LUIS MORENO-OCAMPO: Can we start? The idea is to show to you…

BARRY STEVENS: The prosecutor does a last rehearsal with ICC lawyers.

LUIS MORENO-OCAMPO: Hundreds of childrens still suffer the consequences of Lubanga’s crimes. They cannot forget what they suffer, what they saw, what they did.

SARA CRISCITELLI, prosecution coordinator: They may object us that an opening statement really is supposed to be not sort of this evocative, emotional kind of thing, but, you know, just a recitation, our evidence will be X. It’s supposed to be a dry recitation, not…

LUIS MORENO-OCAMPO: Dry recitation? No, not a dry recitation. No, not really. This office will not have dry recitations.

SARA CRISCITELLI: No, no, no, I don’t want that.

LUIS MORENO-OCAMPO: I remember when I was in Argentina doing my trial, I would say that my mother was against me. I couldn’t convince my mother that Gen. Videla had to be in jail. And when the trial started, my mother was convinced. It’s about the people. So, I have to convince the world that this is awful.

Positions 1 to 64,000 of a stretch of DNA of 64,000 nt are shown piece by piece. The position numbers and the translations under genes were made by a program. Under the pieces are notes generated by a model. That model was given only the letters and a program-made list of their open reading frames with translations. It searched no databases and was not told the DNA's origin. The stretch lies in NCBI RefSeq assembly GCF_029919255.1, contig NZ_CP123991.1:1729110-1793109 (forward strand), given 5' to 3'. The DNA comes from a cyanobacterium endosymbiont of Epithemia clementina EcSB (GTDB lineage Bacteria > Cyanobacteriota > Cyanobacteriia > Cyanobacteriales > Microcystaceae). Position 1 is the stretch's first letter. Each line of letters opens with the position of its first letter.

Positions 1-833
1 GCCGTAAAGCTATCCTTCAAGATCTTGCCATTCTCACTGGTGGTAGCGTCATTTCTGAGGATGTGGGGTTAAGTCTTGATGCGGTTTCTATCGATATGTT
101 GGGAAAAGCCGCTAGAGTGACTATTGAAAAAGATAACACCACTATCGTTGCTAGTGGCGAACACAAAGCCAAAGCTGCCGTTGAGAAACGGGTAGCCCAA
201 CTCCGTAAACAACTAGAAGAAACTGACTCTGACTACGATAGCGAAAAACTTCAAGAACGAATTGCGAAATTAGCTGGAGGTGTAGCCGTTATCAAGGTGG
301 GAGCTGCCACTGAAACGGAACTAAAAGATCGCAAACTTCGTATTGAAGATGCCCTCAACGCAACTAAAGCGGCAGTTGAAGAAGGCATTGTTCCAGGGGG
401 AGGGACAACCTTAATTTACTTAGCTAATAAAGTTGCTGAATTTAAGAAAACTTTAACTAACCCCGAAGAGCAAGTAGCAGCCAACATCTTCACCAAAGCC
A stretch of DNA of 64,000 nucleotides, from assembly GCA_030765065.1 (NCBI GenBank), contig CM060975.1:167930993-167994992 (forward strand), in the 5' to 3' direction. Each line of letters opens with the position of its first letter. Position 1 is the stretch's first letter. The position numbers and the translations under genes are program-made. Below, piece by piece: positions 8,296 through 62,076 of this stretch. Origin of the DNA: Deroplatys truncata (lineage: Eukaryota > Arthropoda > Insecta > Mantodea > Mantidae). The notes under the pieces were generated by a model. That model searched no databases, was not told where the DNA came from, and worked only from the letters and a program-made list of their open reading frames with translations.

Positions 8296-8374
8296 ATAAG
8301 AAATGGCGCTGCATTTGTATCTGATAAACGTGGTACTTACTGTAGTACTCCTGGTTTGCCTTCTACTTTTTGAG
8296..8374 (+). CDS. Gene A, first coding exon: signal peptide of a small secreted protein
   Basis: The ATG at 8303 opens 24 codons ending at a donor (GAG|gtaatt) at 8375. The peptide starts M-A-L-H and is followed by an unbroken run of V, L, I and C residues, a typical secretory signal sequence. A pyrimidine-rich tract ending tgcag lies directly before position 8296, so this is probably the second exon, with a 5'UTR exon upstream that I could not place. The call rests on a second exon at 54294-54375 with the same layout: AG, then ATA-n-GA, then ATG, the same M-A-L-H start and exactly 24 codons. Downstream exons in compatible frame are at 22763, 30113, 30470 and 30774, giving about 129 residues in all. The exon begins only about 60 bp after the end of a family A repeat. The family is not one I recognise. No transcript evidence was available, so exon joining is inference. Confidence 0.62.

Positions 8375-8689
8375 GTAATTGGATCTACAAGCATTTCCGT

WOMAN: History is made today as the International Criminal Court begins its first trial.

BARRY STEVENS: The defendant, Thomas Lubanga, arrivals from jail.

WOMAN: It will be the first time a trial has focused exclusively on the use of child soldiers. The identities of some of those testifying will be concealed.

MAN: This court is being watched all over the world very closely. But some critics say that prosecuting some people stands in the way of a more peaceful solution.

MAN: It took Luis Moreno-Ocampo five years to get his first case to trial. And that very nearly collapsed before it started.

MAN: The court is working in active war zones. They have to investigate and protect witnesses. You have no police force.

MAN: In his view, the defendant is guilty because he says so. It’s not up to him. It’s up to the court.